Demolition Worker Finds Bottle Containing 112-Year-Old Note at N.J. College

Message in a bottle
Message in bottle on shore. H. Armstrong Roberts/Getty

A short message from two bricklayers that was stuffed in a bottle seven years before World War I was recently found at a college campus in New Jersey.

On July 3, 1907, two men finished working on a brick wall of what would become College Hall, part of the campus of Montclair State University (MSU). To mark the occasion, as reported by, one of them jotted a quick note in blue ink, slipped it into an emptied beer bottle, and placed it in a secret spot the two men had created "between the first and third layers of brick."

The message read: "This is to certify that this wall was built by two bricklayers from Newark, N.J., by the names of William Hanly and James Lennon, members of No. 3 of the B.M.I.U. of America." The acronym apparently stood for "Bricklayers and Masons' International Union."

After staying dormant for over a century, the message was discovered when renovations were being completed on College Hall this past summer.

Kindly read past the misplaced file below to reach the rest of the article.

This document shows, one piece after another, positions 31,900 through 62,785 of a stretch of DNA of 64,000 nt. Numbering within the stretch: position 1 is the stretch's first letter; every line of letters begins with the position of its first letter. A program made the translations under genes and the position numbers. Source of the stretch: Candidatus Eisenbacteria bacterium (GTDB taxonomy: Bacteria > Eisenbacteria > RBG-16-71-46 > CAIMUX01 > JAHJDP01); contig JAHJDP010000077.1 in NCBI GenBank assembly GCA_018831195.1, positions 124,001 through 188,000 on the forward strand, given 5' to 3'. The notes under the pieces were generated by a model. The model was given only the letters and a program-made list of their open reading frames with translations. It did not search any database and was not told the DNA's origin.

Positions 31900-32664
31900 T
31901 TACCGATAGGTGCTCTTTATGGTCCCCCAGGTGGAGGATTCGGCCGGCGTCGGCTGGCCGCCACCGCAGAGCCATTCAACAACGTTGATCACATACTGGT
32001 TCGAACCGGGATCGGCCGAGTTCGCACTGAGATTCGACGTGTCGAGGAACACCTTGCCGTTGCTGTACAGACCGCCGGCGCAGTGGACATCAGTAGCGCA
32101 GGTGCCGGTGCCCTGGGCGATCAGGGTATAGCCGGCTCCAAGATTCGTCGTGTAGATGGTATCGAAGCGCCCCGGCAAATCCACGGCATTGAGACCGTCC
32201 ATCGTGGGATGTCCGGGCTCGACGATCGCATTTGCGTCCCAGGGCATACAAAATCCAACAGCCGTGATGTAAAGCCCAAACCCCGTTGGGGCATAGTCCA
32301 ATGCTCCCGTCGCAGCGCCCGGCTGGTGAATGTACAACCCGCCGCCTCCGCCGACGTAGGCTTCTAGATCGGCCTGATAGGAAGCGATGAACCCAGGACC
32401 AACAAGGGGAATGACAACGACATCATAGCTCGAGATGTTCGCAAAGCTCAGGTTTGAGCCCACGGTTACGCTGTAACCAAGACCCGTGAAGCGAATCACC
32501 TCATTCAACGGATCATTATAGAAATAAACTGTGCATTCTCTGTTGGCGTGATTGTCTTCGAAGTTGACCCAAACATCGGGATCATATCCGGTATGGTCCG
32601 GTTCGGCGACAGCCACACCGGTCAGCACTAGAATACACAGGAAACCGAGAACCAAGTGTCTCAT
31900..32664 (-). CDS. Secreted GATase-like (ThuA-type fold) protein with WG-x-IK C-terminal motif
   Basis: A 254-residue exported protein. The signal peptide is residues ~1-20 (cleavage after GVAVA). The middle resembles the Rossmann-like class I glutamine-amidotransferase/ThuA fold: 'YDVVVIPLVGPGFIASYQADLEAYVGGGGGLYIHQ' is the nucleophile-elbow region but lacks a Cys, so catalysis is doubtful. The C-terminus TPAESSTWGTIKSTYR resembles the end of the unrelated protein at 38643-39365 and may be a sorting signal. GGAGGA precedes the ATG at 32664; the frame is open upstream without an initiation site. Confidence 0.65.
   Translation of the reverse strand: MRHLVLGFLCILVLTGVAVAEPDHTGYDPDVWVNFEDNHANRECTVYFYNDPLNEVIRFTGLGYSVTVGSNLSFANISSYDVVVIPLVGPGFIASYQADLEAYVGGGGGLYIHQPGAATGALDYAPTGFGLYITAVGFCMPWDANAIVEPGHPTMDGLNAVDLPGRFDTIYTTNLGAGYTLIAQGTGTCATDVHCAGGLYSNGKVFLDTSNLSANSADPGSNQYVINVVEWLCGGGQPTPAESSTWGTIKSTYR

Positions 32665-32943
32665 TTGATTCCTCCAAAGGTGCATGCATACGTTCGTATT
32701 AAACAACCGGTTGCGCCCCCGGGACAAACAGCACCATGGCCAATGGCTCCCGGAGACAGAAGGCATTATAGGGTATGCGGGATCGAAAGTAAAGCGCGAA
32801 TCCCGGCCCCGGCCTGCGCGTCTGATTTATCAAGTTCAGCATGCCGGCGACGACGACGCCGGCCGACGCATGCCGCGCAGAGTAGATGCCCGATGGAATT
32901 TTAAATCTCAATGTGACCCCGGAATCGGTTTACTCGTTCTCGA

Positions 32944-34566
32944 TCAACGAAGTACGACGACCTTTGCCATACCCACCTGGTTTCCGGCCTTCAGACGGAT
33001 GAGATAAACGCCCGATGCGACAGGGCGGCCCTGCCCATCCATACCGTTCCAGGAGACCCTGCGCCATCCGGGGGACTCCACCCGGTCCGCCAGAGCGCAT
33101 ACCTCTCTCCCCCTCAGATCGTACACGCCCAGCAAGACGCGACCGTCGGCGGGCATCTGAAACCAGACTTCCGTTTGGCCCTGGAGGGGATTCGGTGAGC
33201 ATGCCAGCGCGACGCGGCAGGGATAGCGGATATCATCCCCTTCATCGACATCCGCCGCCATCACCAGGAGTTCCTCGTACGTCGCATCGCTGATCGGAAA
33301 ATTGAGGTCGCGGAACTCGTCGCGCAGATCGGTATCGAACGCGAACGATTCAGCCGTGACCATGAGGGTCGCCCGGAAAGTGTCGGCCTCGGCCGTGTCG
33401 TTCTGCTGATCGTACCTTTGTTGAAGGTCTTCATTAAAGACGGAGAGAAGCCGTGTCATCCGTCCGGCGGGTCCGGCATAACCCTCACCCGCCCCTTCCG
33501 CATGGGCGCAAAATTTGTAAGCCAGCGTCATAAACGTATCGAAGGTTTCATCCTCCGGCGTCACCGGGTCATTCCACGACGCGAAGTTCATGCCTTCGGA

Robert Kanaby, a demolition laborer, was using a chipping hammer to break bricks for the renovations when he heard a troubling and unexpected sound that made him pause.

"I hit a void and I heard glass break," Kanaby said, according to the university's magazine, Montclair. "And I'm like, 'Something's not right.' So, we took away the debris and I found the glass and then I found the note."

That was when he found the note. After reading it and realizing that it was 112 years old, he told Montclair magazine that it "gave [him] chills."

Kanaby gave the note to the university, whose authorities valued it as a meaningful artifact of its history.

"It's wild to think of that," said Sharon Mahoney, director of construction management at MSU. "The message has been sitting there dormant for 100 years just waiting for us to find it."

An analysis of census records revealed that both Lennon and Hanly were likely first-generation Americans who came to the United States from Ireland. The 1920 and 1930 censuses showed two men with identical names still living within the vicinity of Montclair. Officials from MSU plan to find the men's descendants and hold a reunion. If that does not pan out, the school will put the message on display along with what remains of the bottle.

Kanaby, for his part, was still deeply moved by his finding, according to Montclair magazine.

"They took the time and love to put this wall together," he told Montclair. "And we took it down. That was an experience for me."

Demolition Worker Finds Bottle Containing 112-Year-Old Note at N.J. College | U.S.